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Book Club Question -- All About Charles

Time for another book club question for The General's Mistress! If you're reading and want to discuss the book club questions but don't belong to a book club (or even if you do) plunge right in! There are no right or wrong answers, just a discussion.

So next -- all about Charles!

Elza travels in disguise as a man—specifically, as her late brother Charles. At first this seems to be little more than a game to placate her grief-addled mother, and a convenient way to avoid the dangers facing women who travel alone. But over the course of the novel Charles becomes an increasingly crucial part of Elza’s identity. Why do you think this is? In your opinion, is her “dual identity” a solution to a problem, or another problem in itself?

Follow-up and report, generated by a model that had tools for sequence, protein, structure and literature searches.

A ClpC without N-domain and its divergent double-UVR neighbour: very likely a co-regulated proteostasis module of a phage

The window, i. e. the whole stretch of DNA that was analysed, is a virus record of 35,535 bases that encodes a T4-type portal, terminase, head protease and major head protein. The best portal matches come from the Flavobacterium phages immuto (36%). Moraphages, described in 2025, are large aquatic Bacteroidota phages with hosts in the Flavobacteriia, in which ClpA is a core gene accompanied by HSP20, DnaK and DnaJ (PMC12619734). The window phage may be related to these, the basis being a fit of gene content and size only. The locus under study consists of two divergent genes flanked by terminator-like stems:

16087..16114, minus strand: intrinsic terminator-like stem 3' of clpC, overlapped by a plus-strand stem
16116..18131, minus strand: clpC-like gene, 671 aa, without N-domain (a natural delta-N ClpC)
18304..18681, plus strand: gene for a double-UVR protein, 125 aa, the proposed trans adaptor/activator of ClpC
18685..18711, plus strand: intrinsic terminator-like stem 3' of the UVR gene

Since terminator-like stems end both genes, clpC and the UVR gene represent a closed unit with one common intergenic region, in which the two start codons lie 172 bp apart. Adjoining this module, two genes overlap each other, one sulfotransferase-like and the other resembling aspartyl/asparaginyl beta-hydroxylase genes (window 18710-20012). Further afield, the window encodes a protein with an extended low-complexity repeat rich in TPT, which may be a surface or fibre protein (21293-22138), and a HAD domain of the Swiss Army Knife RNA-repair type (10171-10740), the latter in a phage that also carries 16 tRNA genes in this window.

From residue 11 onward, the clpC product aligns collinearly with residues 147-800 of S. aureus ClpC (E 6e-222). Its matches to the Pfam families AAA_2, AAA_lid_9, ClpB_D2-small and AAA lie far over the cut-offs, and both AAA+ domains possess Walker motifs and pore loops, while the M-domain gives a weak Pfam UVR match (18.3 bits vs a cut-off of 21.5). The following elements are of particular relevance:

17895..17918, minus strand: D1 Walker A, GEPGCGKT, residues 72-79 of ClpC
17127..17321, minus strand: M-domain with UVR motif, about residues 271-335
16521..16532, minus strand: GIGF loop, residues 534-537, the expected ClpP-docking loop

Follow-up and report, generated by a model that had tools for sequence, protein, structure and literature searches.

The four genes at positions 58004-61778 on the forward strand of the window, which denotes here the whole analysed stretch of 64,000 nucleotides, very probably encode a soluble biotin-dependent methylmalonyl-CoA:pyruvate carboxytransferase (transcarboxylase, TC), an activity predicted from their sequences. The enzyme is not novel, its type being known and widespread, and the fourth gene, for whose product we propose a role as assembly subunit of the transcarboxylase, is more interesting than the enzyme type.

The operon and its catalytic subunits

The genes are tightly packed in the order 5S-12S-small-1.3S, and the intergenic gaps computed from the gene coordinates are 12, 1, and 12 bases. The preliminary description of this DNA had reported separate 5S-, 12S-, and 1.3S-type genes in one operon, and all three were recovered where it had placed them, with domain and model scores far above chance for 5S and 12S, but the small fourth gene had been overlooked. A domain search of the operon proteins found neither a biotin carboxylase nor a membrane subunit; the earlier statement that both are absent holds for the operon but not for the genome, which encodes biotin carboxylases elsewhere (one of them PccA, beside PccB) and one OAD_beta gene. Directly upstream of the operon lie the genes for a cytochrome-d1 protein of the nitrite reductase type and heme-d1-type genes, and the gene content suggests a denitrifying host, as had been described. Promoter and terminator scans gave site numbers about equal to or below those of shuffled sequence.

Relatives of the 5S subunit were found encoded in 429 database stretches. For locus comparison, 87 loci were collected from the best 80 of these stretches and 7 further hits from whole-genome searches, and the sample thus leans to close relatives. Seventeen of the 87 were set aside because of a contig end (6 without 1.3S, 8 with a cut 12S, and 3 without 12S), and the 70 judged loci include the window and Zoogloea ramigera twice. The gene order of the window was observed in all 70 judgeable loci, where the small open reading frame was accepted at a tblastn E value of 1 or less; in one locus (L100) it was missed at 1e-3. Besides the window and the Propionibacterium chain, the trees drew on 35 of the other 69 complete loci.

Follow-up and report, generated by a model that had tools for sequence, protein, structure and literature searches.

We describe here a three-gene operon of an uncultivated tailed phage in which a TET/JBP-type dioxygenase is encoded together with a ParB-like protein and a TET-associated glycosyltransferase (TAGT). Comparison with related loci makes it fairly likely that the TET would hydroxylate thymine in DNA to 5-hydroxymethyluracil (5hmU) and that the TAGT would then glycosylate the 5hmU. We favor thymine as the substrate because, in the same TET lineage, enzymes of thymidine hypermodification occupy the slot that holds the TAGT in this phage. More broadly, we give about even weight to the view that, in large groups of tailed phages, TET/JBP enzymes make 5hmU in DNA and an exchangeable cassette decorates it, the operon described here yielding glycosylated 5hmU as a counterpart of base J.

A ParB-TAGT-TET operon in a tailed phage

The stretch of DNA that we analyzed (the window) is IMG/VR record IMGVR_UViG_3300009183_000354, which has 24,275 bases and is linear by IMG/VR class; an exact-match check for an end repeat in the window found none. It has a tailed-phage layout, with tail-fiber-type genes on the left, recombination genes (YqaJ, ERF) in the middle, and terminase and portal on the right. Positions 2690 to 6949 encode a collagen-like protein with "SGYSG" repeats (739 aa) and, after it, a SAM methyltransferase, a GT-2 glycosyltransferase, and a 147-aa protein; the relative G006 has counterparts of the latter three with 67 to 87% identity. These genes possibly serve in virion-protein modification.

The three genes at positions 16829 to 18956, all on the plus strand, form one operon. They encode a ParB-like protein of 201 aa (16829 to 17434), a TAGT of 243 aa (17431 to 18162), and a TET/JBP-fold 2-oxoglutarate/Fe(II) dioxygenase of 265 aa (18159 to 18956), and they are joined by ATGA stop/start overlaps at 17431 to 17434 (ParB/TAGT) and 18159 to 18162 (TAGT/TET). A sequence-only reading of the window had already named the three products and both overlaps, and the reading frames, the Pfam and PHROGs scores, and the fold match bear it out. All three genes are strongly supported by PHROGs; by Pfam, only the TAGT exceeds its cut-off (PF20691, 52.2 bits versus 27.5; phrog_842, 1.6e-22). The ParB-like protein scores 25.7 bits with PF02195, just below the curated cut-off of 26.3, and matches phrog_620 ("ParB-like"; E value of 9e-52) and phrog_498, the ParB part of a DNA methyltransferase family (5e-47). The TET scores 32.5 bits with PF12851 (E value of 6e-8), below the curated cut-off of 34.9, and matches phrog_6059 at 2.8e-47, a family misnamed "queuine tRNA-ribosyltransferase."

What about Charles, guys? What do you think?

Comments

( 2 comments — Leave a comment )
cadenzamuse
Dec. 3rd, 2012 02:01 am (UTC)
I'm torn about Charles. There is a part of me that wishes that Elza could integrate the parts of her personality that she labels "Charles" and be able to live them as Elza. But a: I don't think that's possible given the time, so Charles does allow her more freedom than just having a tomboy side to her personality would, and b: she seems pretty balanced and comfortable in a multiple-ish personality system, and "if it ain't broke, don't fix it!"
jo_graham
Dec. 3rd, 2012 02:13 pm (UTC)
I think she is comfortable with it -- and the integration comes with more maturity. At twenty two she sees being a man as the answer to her problems. At thirty, she's realized that simply being physically male wouldn't actually solve anything.
( 2 comments — Leave a comment )